Southam in WW1

Centenary Archive

Honouring those who died and all who served


Private Ernest Joseph Hollis (35959)

Searching for the records of this young soldier, whose body was never found or identified on the battlefield, is not made easy because his military details refer to him as Joseph, rather than Ernest, which his family seemed to call him.

Ernest was born in Bishops Itchington in 1897, son of Henry Hollis from Harbury and his wife Lydia, from nearby Bascote Heath.  Henry worked in the quarries and the family eventually settled in Southam, on Leamington Road.

He attested in August 1916 and was serving with the 3rd Worcestershires when he was invalided back to Britain in 1917 suffering from severe trench foot. According to the Leamington Courier which later briefly sketched in his military movements, Private Hollis then ‘proceeded to Ireland’.[1] This was perhaps for regimental retraining or medical examination after his rehabilitation. He returned to France and it was during action at Louveral that he was reported missing on 22nd March 1918 during the big German ‘push’ of the Spring of that year. It was some two months later when the Leamington Courier reported him missing. This was one of those desperately sad cases when a family was awaiting news, put information about their son in the local paper, but the twenty-year-old soldier was already dead.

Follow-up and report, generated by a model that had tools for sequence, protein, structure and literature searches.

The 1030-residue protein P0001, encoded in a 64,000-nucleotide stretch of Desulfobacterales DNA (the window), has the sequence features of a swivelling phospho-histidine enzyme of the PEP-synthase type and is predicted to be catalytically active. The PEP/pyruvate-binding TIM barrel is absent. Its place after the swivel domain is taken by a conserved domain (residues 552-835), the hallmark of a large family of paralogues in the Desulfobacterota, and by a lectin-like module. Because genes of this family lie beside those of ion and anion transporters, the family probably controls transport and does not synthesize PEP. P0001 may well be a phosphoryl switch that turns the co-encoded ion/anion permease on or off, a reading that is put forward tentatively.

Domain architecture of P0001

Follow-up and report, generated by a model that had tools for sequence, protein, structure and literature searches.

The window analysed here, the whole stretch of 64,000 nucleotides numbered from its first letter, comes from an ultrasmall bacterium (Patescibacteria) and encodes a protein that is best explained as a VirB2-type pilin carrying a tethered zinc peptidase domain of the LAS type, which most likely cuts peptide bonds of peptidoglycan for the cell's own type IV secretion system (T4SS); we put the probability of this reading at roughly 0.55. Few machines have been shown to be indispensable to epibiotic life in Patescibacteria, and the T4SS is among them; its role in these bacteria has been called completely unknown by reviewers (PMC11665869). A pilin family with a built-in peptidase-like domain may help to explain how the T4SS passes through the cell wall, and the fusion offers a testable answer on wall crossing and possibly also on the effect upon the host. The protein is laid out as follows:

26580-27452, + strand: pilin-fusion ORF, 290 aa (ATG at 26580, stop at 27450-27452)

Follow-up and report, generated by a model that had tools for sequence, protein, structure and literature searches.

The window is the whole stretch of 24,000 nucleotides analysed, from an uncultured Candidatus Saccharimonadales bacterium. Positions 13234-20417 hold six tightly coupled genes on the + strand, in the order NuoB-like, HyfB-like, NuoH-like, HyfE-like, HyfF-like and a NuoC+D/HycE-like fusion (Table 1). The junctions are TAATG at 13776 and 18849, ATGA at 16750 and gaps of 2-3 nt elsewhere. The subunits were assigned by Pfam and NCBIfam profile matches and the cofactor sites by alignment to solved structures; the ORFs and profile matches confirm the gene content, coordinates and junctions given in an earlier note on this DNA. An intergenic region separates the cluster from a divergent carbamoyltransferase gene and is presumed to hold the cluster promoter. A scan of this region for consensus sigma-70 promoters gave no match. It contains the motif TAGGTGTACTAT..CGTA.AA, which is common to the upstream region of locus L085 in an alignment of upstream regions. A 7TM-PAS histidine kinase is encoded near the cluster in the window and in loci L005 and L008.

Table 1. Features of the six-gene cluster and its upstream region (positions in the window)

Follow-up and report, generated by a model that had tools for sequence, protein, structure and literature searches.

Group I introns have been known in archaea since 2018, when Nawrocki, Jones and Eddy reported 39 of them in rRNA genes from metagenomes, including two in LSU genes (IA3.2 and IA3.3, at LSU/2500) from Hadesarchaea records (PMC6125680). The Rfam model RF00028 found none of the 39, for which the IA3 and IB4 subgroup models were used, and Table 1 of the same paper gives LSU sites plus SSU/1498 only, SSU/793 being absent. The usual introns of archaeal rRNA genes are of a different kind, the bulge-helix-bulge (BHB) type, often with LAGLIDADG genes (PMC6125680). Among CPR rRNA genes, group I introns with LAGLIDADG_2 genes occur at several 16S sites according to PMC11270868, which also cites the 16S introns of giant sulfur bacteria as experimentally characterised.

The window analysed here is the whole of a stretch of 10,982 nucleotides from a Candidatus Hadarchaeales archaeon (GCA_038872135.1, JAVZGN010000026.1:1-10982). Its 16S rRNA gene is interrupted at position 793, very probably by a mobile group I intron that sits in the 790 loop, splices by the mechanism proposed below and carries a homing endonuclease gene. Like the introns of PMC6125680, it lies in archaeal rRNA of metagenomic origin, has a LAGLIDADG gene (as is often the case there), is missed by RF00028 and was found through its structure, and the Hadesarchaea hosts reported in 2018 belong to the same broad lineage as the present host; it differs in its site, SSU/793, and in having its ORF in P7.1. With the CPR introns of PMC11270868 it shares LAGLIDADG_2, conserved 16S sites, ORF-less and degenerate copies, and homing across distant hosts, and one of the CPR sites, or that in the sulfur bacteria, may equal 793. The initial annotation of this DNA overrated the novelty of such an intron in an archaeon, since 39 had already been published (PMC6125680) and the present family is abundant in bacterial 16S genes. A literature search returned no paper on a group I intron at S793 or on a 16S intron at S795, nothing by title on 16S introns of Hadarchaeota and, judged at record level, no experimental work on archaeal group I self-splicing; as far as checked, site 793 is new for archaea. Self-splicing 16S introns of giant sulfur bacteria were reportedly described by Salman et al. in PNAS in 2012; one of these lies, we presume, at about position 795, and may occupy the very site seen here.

Private J. Hollis is commemorated on the Arras Memorial. His name is one of 35,000 others from UK, South Africa and New Zealand who, in the Arras sector, was killed during the period Spring 1916 – August 1918 but whose body was never identified.

Private Hollis is commemorated in Southam on the War Memorial as E. J. Hollis.

[1] Leamington Courier, 24th May 1918.

Below are the Victory Medal and British War Medal presented to Ernest Hollis’s relatives after the War. These were found in the attic of 14 Market Hill (a Barber’s Shop run by Billy Stephens and later his daughter Maud Stephens) when it was sold to Barrie Bond following Maud’s death. It is not known why they would be in the possession of Maud Stephens. They were donated to the Southam Heritage Collection by Barrie Bond.